Saturday, March 31, 2012

Mayor Herbert Cartwright

Previously, I have written about a couple of grand old hotels:  the Flagship in Galveston, and the Shamrock Hilton in Houston.  Thinking it over, I really should write about one more, old lost Texas hotel, the Jack Tar of Galveston.  Sadly, all three are gone now.

Where the Shamrock was a giant relic of a bygone generation and the Flagship was a grand lady killed before her time by a hurricane, the Jack Tar, at least when I ran her, was a wild old drunk with the delirium tremens.   She had endured her share of hurricanes, a memorable fire, and far too many years where owners didn’t put enough of the profits back into maintenance.  If there is a heaven for hotels, then the old Jack slid through the pearly gates dead broke, battered, bruised, singed, and screaming, “What a ride!”

There are a thousand stories about the old Jack Tar.  The Texas Rangers took four rooms and had a combination stake-out and drunken party, a desperate owner ignited a dozen fire bombs for the insurance money, the Ku Klux Klan objected to the cooks in the restaurant, and the Bandido Motorcycle Gang tried to take over the bar—these stories come to mind—and these were events just during the years I ran her.  I will never forget standing in the giant ballroom and watching through the huge plate glass windows as a hurricane whipped the Gulf of Mexico into a white-capped frenzy.  And my nightmares will never stop replaying the memory of when the 70 mph winds of that hurricane blasted a seagull right through that window directly at me.

The hotel was a relic of a forgotten time, and so was one of our tenants.  Herbert Y. Cartwright had been mayor of the island during its rip-roaring gambling days.  His actions made headlines across Texas and he was profiled In Time Magazine, but to the town, he was “Thanks a Million, Cartwright.”  He was notorious, at least until the late 1970’s, when he was mostly forgotten and lived alone in one of the older rooms of the hotel.  Penniless, his bills were paid by a few local businessmen who were still grateful.

The Mayor knew a few stories about the wilder days, when gambling, prostitution, and even liquor by the drink were all illegal throughout the state, but an ongoing and open secret on Galveston Island.  Mayor Cartwright fought the state police for years and got away with it.    Occasionally, I would take a “surplus” bottle of wine to the mayor and listen to his stories.

Salvatore "Big Sam" Maceo with pianist Carmen Cavallaro 
and Galveston Mayor Herbert Cartwright
The Balinese Room was a famous nightclub built on the end of a pier extending out over the Gulf of Mexico.  Besides good liquor, a great meal, and entertainment from the likes of Frank Sinatra, Bob Hope, or the Marx Brothers, you could also engage in a little illicit gambling.  For 64 nights in a row, the Texas Rangers ran down that impossibly long hall connecting the street with the nightclub, only to find that by the time they reached their goal, not only had all the gambling paraphernalia been hidden in secret compartments, but all the guests would stand and sing as the band would strike up “The Eyes of Texas.”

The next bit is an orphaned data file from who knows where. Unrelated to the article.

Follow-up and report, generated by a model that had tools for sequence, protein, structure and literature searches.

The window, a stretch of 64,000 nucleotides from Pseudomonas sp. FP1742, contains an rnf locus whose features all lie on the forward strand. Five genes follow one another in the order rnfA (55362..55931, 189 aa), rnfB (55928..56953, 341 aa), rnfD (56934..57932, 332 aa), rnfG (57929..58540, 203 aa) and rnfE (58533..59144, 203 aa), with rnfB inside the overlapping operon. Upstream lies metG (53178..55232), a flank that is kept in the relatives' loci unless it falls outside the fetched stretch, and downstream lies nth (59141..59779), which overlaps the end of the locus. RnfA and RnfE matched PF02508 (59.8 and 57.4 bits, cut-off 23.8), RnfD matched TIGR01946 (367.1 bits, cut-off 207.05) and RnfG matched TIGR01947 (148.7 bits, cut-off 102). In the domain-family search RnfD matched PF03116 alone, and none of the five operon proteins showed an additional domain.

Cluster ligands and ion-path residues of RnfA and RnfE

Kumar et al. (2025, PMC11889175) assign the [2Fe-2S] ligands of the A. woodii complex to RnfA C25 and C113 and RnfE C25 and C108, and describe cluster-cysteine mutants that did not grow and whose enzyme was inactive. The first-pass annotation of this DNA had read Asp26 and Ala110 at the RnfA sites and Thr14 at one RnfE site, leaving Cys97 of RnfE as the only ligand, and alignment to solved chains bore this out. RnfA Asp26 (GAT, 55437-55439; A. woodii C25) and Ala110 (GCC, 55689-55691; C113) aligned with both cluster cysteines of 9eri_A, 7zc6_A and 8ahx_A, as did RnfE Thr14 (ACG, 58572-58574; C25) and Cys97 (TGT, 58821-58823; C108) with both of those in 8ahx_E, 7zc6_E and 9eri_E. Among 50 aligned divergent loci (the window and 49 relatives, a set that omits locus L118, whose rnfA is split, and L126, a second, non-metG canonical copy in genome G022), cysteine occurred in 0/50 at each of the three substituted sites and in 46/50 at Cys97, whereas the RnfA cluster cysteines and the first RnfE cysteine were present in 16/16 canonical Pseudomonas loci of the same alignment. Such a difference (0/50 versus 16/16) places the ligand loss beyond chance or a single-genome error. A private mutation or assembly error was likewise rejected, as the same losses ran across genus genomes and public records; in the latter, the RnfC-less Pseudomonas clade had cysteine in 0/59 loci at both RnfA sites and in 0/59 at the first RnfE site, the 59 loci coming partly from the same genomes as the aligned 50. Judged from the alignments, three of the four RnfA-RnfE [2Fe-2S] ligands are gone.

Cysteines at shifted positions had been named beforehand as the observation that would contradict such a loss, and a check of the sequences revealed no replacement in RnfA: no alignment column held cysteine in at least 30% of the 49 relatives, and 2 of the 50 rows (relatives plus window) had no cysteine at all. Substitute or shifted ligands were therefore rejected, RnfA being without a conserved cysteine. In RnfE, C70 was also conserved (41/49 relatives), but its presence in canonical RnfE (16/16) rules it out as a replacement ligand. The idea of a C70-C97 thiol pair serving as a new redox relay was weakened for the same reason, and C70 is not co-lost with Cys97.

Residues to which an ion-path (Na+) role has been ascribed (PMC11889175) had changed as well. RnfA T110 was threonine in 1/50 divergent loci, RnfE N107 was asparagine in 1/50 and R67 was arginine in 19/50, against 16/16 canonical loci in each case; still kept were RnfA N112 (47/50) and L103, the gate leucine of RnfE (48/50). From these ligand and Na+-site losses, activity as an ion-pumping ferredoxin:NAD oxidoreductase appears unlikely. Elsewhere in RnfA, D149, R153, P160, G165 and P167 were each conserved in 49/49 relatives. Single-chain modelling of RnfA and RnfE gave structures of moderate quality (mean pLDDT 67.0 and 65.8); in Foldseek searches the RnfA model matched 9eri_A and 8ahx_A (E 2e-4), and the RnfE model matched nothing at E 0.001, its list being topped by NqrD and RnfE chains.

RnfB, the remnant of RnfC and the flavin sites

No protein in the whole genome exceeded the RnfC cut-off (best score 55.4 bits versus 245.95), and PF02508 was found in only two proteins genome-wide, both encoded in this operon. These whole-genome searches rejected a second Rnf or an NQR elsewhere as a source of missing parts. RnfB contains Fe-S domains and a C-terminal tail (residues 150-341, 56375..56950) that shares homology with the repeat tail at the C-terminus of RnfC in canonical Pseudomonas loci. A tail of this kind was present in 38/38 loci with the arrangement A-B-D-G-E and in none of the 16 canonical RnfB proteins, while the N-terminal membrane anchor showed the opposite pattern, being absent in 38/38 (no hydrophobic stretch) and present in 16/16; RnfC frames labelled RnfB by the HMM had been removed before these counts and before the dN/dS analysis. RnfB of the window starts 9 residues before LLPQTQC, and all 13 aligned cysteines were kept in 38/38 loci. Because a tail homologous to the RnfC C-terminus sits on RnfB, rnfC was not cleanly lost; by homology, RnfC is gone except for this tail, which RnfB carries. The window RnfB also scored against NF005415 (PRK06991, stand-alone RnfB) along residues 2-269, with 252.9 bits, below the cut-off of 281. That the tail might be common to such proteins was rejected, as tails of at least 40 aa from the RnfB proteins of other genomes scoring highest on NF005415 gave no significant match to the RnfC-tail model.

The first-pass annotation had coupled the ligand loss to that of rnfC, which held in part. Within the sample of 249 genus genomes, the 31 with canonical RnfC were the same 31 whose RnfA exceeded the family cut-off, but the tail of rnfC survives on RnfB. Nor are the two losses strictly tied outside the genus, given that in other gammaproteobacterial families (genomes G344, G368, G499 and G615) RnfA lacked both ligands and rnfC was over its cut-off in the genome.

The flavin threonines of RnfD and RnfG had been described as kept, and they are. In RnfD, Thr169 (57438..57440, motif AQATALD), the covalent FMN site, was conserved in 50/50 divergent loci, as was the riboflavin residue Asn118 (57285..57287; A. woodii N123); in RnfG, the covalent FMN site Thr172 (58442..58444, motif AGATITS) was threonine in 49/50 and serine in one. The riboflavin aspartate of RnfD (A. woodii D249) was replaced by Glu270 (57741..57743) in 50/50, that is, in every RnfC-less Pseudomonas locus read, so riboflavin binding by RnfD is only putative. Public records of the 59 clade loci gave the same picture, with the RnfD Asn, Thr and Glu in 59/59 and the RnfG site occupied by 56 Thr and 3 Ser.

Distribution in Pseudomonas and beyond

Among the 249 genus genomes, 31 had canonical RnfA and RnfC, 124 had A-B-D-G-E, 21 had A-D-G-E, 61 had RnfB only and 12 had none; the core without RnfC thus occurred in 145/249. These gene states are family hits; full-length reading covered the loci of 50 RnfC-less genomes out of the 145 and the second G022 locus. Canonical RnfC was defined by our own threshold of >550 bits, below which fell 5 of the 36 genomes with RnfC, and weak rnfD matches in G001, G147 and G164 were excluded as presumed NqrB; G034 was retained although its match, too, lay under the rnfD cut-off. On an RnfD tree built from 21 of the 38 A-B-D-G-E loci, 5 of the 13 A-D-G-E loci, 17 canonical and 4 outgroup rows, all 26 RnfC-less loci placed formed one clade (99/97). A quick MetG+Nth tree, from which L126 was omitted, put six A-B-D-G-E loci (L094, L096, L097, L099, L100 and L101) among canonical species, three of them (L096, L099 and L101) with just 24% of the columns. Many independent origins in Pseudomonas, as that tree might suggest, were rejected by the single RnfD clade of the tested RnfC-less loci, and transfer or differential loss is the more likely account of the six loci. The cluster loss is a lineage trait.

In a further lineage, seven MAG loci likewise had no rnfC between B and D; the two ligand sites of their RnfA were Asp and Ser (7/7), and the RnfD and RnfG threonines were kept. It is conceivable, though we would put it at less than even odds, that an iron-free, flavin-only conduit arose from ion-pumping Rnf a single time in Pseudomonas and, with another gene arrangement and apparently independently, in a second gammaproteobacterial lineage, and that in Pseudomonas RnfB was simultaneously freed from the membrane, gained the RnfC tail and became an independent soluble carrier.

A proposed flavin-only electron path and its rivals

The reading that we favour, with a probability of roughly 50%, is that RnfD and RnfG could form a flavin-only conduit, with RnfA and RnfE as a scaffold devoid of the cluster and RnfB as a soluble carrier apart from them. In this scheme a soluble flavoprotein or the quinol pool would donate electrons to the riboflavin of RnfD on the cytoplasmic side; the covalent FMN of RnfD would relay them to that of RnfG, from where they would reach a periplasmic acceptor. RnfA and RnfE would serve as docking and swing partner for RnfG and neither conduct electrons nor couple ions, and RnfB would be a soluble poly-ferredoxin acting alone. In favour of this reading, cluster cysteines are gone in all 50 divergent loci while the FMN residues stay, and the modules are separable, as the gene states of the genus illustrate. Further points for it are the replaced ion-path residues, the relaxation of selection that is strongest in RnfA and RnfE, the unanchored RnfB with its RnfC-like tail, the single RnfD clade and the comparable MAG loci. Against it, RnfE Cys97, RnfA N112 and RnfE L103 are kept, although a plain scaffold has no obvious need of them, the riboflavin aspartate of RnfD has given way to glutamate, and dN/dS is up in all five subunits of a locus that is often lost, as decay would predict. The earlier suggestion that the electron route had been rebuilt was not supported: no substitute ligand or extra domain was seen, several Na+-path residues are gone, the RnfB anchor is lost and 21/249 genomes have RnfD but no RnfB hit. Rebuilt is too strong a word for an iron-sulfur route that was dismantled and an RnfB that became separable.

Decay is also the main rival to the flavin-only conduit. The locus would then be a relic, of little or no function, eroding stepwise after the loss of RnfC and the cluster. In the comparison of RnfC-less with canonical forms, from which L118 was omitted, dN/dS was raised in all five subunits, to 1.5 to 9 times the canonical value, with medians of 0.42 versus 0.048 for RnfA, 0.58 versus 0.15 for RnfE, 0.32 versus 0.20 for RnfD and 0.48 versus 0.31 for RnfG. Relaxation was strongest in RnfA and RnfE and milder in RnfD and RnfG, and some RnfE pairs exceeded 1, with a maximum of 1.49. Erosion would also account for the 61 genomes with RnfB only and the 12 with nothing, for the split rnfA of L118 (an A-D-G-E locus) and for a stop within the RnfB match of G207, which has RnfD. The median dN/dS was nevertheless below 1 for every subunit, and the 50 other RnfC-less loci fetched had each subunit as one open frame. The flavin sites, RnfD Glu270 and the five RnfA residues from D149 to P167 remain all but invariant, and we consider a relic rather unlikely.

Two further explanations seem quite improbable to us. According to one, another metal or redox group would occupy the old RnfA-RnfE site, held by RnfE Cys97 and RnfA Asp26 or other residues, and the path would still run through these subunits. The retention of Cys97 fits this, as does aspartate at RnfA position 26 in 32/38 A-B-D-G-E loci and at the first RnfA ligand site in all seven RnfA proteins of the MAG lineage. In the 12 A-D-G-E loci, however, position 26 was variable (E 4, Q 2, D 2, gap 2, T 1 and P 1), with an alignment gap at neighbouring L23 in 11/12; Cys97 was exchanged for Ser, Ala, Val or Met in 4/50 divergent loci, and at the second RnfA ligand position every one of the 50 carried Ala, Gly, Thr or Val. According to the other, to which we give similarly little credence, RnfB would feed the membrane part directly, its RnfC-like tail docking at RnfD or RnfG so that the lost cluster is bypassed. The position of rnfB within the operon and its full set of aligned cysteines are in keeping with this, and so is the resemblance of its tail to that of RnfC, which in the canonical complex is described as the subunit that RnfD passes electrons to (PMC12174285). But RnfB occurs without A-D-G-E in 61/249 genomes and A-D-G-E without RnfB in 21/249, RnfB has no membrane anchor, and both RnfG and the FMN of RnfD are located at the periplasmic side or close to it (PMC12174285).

According to Mayor Cartwright, when the Lipton Tea Company sent a buyer to Houston to purchase land for a new site, he was lured to Galveston by the Mayor and a few friends.  By the time he was wined, dined, (and supposedly bedded) for a few days, he had signed a contract to build the new plant in Galveston.   And it is still there.

Eventually, the pressure from the state politicians got to be too much: a political embarrassment in Austin, Galveston had to be closed down.  The Texas Rangers pushed the County Sheriff until he was shocked (Shocked!) to discover that the town he had grown up in had rampant, wide open gambling and prostitution.  It took a while, but eventually, the gambling dens were closed and the prostitutes were driven out of the houses and back into the streets.  While no one even tried to stop the liquor, the golden age of Galveston was over.

Mayor Cartwright told me about the aftermath of the closures.  Someone had to take the blame, so the Texas Legislature had a Senatorial Hearing to investigate the island’s corruption.  Even though most of the senators could have testified firsthand about the situation, they subpoenaed Mayor Cartwright.  Under oath, he was asked to explain why the town had never shut down the vice.

“Didn’t you know that Galveston had whorehouses and casinos?” asked the senator.

“Of course I did,” Cartwright answered.  “I’m the mayor.”

“Then why didn’t you stop it?”

Mayor Cartwright’s answer made the front page of every newspaper in Texas.  Hell, it may have been the start of the Libertarian Political Party in Texas.

“God knew what was happening in Galveston, “Mayor Cartwright answered.  “If he didn’t want to shut it down, why should I try?”

1 comment:

  1. Good, very good. I've been reliving old Galveston all afternoon via the net and I love the stories of Galveston fromthe days when we were kids. I never knew why we always went there for vacation. Now I know. Also, what years did you work at the Jack Tar? A bunch of us kids stayed there in 1970 while at a Key Club convention. Found out you could pry off the back of the TV enclosure and stash your beer there. it was the perfect hiding place from our chaperones.